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House Speaker Dade Phelan’s immigration record central in bid to oust him

By Jasper Scherer, The Texas Tribune

House Speaker Dade Phelan’s immigration record central in bid to oust him” was first published by The Texas Tribune, a nonprofit, nonpartisan media organization that informs Texans — and engages with them — about public policy, politics, government and statewide issues.

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Early in the 2023 legislative session, Republican House Speaker Dade Phelan vowed to present “a very innovative solution” to combat the surge in migrants attempting to enter Texas from Mexico — one that would test the limits of states’ roles in immigration enforcement.

The proposal Phelan teased, known as House Bill 20, sought to create a team of police and deputized citizens to patrol the southern border. The legislation, which critics said would empower “vigilantes” and endanger the lives of asylum seekers and Hispanic Texans, died when Democrats killed it with a procedural tactic. And despite Republicans’ best efforts to revive a version of the measure, it never made it to Gov. Greg Abbott’s desk before the regular session ended.

HB 20 has since been overshadowed by Senate Bill 4, which lets any law enforcement officer arrest someone suspected of illegally crossing the border, a boundary-testing immigration law that has been put on hold amid legal challenges.

But the earlier proposal has resurfaced in the speaker’s own GOP primary as his critics blame him for its demise in their broader effort to paint the Beaumont Republican as soft on the border and overly deferential to Democrats. Phelan has slammed the attacks as “absurd” and “misleading” attempts to deflect from his oversight of other far-reaching border laws and a record $6.5 billion spending spree to pay for Abbott’s Operation Lone Star, which includes building a state border wall.

That has not stopped David Covey — the GOP activist and energy consultant who pushed Phelan into a May runoff for his House seat — from also condemning the speaker for not casting a vote on SB 4. Two of Covey’s most prominent backers, former President Donald Trump and Lt. Gov. Dan Patrick, have echoed the same attack.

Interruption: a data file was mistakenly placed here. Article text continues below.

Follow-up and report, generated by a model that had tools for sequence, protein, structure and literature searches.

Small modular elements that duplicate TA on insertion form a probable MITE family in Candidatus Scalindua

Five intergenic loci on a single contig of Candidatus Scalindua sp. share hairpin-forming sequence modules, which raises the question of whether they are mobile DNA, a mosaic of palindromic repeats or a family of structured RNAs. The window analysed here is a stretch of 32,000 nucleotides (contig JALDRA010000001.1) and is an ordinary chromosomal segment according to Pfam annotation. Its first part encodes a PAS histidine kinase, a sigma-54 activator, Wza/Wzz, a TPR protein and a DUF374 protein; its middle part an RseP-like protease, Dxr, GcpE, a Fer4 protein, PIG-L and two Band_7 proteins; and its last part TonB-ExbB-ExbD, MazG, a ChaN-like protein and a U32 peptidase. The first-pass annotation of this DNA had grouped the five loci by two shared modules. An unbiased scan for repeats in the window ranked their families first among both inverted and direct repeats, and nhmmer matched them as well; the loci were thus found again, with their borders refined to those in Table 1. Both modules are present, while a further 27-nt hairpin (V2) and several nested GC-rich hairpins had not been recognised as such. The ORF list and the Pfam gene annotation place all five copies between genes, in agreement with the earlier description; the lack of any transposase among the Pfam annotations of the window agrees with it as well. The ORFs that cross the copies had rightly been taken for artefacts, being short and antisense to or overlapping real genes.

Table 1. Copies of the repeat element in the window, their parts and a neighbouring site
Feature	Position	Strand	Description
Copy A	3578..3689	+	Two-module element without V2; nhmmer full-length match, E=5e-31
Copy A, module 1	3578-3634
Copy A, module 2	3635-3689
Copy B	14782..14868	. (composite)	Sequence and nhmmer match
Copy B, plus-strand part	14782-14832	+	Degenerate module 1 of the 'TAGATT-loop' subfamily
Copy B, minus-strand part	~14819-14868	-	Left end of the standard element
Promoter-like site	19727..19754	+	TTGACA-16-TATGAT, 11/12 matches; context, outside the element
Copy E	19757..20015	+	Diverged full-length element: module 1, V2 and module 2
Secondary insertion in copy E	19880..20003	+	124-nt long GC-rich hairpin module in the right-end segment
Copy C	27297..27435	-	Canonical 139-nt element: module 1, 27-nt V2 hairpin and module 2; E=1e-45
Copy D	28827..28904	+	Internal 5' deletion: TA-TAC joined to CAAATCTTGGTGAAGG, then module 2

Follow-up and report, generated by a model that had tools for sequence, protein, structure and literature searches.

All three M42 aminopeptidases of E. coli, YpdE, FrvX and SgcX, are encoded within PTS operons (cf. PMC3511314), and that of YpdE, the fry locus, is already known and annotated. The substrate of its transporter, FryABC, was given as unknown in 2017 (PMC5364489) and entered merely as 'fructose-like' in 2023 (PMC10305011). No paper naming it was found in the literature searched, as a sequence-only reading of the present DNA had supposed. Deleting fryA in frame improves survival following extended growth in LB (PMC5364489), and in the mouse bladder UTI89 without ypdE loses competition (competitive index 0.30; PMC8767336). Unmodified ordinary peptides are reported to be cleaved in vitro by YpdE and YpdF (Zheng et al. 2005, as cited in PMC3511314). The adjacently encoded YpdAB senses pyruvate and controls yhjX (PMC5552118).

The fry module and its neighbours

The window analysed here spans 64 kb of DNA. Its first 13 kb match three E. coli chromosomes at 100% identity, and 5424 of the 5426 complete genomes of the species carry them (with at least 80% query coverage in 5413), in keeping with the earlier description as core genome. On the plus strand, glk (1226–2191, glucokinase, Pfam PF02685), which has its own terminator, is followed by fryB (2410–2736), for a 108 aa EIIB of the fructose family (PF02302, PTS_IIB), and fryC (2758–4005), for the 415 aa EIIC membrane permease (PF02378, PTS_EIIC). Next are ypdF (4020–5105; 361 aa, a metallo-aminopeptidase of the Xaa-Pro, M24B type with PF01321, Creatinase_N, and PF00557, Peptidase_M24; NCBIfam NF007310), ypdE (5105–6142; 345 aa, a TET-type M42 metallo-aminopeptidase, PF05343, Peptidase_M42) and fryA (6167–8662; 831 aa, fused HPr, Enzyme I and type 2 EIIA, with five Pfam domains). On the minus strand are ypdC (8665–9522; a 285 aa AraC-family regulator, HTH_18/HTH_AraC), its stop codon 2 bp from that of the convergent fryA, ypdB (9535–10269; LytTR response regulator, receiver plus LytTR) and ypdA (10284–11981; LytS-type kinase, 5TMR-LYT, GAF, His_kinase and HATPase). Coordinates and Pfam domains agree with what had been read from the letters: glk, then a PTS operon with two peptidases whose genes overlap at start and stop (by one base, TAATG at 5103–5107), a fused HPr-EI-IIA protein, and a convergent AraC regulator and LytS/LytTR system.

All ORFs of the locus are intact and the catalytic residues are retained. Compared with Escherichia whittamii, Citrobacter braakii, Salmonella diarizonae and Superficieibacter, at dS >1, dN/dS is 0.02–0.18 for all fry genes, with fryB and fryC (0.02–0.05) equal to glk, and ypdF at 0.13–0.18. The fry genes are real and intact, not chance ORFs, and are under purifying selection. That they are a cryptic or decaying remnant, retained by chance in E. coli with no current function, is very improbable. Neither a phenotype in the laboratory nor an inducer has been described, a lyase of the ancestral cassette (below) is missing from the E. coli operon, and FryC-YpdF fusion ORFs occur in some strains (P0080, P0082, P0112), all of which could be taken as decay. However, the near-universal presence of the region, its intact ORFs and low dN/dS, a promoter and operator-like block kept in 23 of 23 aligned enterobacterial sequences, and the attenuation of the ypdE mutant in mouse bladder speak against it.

House speakers rarely vote on legislation, and they control whether a bill can reach the floor — meaning SB 4 could not have passed without the green light from Phelan. The speaker argued as much in a post touting SB 4 as “the strongest border security law in the nation.” It would let authorities arrest people they suspect of illegally entering the state from another country and allow judges to order their removal, essentially granting deportation powers long reserved for the federal government.

The way immigration is playing into Phelan’s primary serves as a telling example of where things stand in Texas politics: the issue is being used as a cudgel to jeopardize the political career of a Republican speaker whose record includes an eightfold increase in Texas’ border security spending and passage of laws that dramatically expand state law enforcement’s immigration role.

Matthew Wilson, a political science professor at Southern Methodist University, said it’s no surprise that Covey is trying to convince voters he is more committed to border issues than Phelan, given that “poll after poll shows that immigration and border issues are a central concern for Republicans.”

Many of Phelan’s Republican allies have faced similar attacks even after voting for the entire slate of border legislation that made it through the Legislature last year. That strategy likely contributed to the record number of House Republicans ousted in last month’s GOP primary, a trend Phelan and several other incumbents are trying to forestall in the May runoffs.

Phelan is the first House speaker in 52 years to be forced into a primary runoff. The speaker is elected by the 150-member House when lawmakers convene in Austin every other year, meaning the outcome of Phelan’s race will not determine who wields the speaker’s gavel next January.

State Rep. Jacey Jetton, a Richmond Republican who carried a bill last fall that provided $1.5 billion for the border wall, said the immigration-focused attacks on Phelan and other Republicans are “absurd.”

“If the governor felt we could be doing more, we would be in a special session getting it done right now,” said Jetton, who was defeated in his primary by insurance adjuster Matt Morgan, a staunch Phelan critic.

For Phelan, the death of HB 20 also converges with one of Covey’s main arguments: that the speaker has afforded Democrats too much power by appointing them to chair nearly one-quarter of the chamber’s standing committees — a longstanding tradition — and declining to shield GOP bills from parliamentary attacks.

A Phelan spokesperson did not respond to a request for comment. The speaker has defended the practice of letting Democrats oversee some committees, arguing that it helps the Legislature avoid Congress-style gridlock without holding up conservative priorities. And he appointed fewer Democratic chairs in 2023 than he did two years earlier.

A difficult defense

Phelan may find it challenging to parry the attacks on his border record, Wilson said, because his defense comes down to matters of parliamentary nuance.